“Saudi Arabian cultural offices wish to receive regular reports and be invoiced in a certain way… and not all public institutions are always quick at responding to some of these business needs, and often these needs are not communicated in the clearest possible way,” he says.
Svaldi acknowledges there have been problems and hopes that a newly established “student portal system” will improve coordination between students, universities and Cultural Mission staff. She also says SACM is increasing the number of visits to foreign universities.
Recent advice from SACM has also asked institutions to accept student bookings directly or via SACM, rather than those that come via an agency (which often can mean a referral/commission payment is due).
As well as adjusting to specific processing (and payment) expectations, education providers have had to culturally adapt their education practices and policies, and manage heightened expectations as regards adequate housing or host family accommodation. KASPers can also underestimate the academic standards expected of them, say some.
“Saudis want to be invoiced in a certain way… often these needs are not communicated in the clearest possible way”
Hinttula touches on unique gender issues which KASP students have brought with them: “If for example a young, female English teacher from the UK or US is not familiar with students from Saudi Arabia, she may be wondering why some of the male students might initially be avoiding eye contact with her? Is that a cultural or performance related issue?” he says, pointing out that some of his US staff needed further guidance when KASP students started arriving in large numbers.
Mike Henniger, associate director of international marketing at Thompson Rivers University in BC, Canada, which has about 400 KASPers, says adjustment has been less of a struggle. “It was mostly getting that Arabic speaker on staff. We also… trained our staff to deal with [cultural issues]. We are very proactive.”
The reward, he says, has been an “incredible” cultural impact on campus—a benefit recognised by all those who talked to The PIE News. Lauren Cullen, Admissions Officer at Saint Mary’s University in NS, Canada, says Saudis do tend to group together but are happy to step outside their comfort zone, trying their hand at skating or ice-hockey for example.
Educators also take satisfaction at how KASP is modernising Saudi society by eroding cultural barriers, religious extremism and gender inequality. Some 73% of the eighth phase of the programme (which consists of around 9,000 students) are female, although all will need the permission of a male relative to travel abroad.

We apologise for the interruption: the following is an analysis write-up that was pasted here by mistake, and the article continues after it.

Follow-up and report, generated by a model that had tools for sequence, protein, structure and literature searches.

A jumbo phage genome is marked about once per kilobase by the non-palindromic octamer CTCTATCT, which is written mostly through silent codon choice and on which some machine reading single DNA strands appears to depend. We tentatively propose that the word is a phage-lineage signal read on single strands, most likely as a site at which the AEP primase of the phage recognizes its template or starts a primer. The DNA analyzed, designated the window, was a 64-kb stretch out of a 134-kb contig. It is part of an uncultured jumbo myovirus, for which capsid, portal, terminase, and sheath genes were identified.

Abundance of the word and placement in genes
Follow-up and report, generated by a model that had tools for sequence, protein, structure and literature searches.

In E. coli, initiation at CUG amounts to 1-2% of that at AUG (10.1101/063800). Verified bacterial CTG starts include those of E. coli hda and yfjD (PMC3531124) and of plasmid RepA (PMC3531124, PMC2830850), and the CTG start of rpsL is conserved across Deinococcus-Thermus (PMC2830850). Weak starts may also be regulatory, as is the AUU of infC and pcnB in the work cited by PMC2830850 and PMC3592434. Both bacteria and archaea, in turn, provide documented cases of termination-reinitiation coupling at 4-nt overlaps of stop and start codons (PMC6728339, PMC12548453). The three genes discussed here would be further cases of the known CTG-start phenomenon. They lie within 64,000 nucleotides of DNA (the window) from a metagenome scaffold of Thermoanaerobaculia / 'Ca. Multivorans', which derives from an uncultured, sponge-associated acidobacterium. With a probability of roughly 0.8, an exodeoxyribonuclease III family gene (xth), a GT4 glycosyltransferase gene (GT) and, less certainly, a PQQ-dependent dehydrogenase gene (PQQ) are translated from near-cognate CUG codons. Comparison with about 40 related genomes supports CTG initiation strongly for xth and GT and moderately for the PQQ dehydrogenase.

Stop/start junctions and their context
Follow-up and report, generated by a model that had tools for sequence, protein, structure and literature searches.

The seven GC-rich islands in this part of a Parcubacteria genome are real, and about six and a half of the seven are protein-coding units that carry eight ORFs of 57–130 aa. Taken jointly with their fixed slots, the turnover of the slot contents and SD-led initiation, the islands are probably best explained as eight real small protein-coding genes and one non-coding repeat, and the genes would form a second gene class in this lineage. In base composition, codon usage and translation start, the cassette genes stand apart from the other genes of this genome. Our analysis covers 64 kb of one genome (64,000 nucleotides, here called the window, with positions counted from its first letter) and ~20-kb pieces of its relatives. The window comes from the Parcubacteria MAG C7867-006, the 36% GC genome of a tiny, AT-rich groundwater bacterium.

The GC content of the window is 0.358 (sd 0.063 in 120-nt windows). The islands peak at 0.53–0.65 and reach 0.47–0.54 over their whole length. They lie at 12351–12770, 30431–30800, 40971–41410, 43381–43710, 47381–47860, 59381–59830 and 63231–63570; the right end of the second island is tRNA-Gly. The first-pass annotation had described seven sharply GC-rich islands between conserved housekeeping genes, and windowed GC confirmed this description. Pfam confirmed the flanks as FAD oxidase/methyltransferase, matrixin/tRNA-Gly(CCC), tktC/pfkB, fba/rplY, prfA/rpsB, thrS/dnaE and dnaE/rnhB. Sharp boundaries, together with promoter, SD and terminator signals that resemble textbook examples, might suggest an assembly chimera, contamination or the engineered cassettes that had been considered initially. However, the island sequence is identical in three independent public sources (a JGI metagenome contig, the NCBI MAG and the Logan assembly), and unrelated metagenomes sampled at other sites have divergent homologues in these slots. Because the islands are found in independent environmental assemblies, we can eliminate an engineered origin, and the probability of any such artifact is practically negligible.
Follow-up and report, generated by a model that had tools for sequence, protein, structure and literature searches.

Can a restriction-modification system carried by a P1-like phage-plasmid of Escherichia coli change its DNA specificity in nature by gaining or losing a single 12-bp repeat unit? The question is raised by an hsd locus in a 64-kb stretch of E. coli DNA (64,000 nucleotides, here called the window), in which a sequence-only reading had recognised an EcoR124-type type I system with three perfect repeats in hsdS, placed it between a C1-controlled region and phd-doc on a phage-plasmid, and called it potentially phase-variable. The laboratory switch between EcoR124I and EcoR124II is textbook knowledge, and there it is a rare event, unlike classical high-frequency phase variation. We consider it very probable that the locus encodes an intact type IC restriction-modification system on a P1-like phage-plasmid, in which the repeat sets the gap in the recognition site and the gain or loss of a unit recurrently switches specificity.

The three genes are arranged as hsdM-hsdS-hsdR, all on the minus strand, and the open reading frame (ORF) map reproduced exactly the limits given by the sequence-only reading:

One alumnus of Saint Mary’s returned to Saudi Arabia and set up an e-portal career gateway for women
Cullen points to one recent alumnus of Saint Mary’s who returned to Saudi Arabia and set up an e-portal career gateway for women, glowork.
In another example, Khalid Al-Khudair won the university’s Young Alumni Award in 2010 (he may not have studied under auspices of KASP) for initiating an award-winning recycling program while working at KPMG in Saudi Arabia, which he says was inspired by his experience at Saint Mary’s. The programme, in which money earned from recycling went to local charities, was so successful that similar projects were implemented throughout the Kingdom.
Dr Joanna Newman, director of the UK Higher Education International Unit (part of Universities UK) highlights the social and cultural ramifications. “There are benefits to UK higher education from the King Abdullah scheme beyond the financial – there is particular emphasis on female education”, she says.
She signals the recent establishment of the first women’s university in Saudi Arabia, Princess Noura University, which the Unit, as part of its involvement in the UK-Saudi taskforce, is supporting via professional development.
“There are benefits to UK higher education beyond the financial – there is particular emphasis on female education”
Yet questions remain over what happens to KASP after 2020 and how safe it is to rely on this market. Citigroup predicts the country will cease to be an oil exporter by 2030, and the future of the global economy is still uncertain. With this in mind, for how long will Saudi be able to afford KASP at current costs? (It has spent at least $5 billion on the programme since 2005, according to the Wall Street Journal).
On this, WES says universities should not forget the small but growing market of self-funded Saudis (around 13% fall into this category by some counts). It disagrees that a recruitment bubble is developing that will one day burst. It claims that while US universities are already too dependent on China, India and Korea, KASP is still playing a vital role in stimulating Saudi mobility – and this may yield more self-funders down the line.
“The King Abdullah scholarship is not just the lubricant for mobility of Saudi students but the engine propelling it,” says director of research and advisory services, Dr Rahul Choudaha. “As economies become more globalised and knowledge-based, even an oil rich country like Saudi cannot remain immune to the importance of international higher education and its impact on individuals, societies and government.”
• Additional reporting by Nicholas Cullen.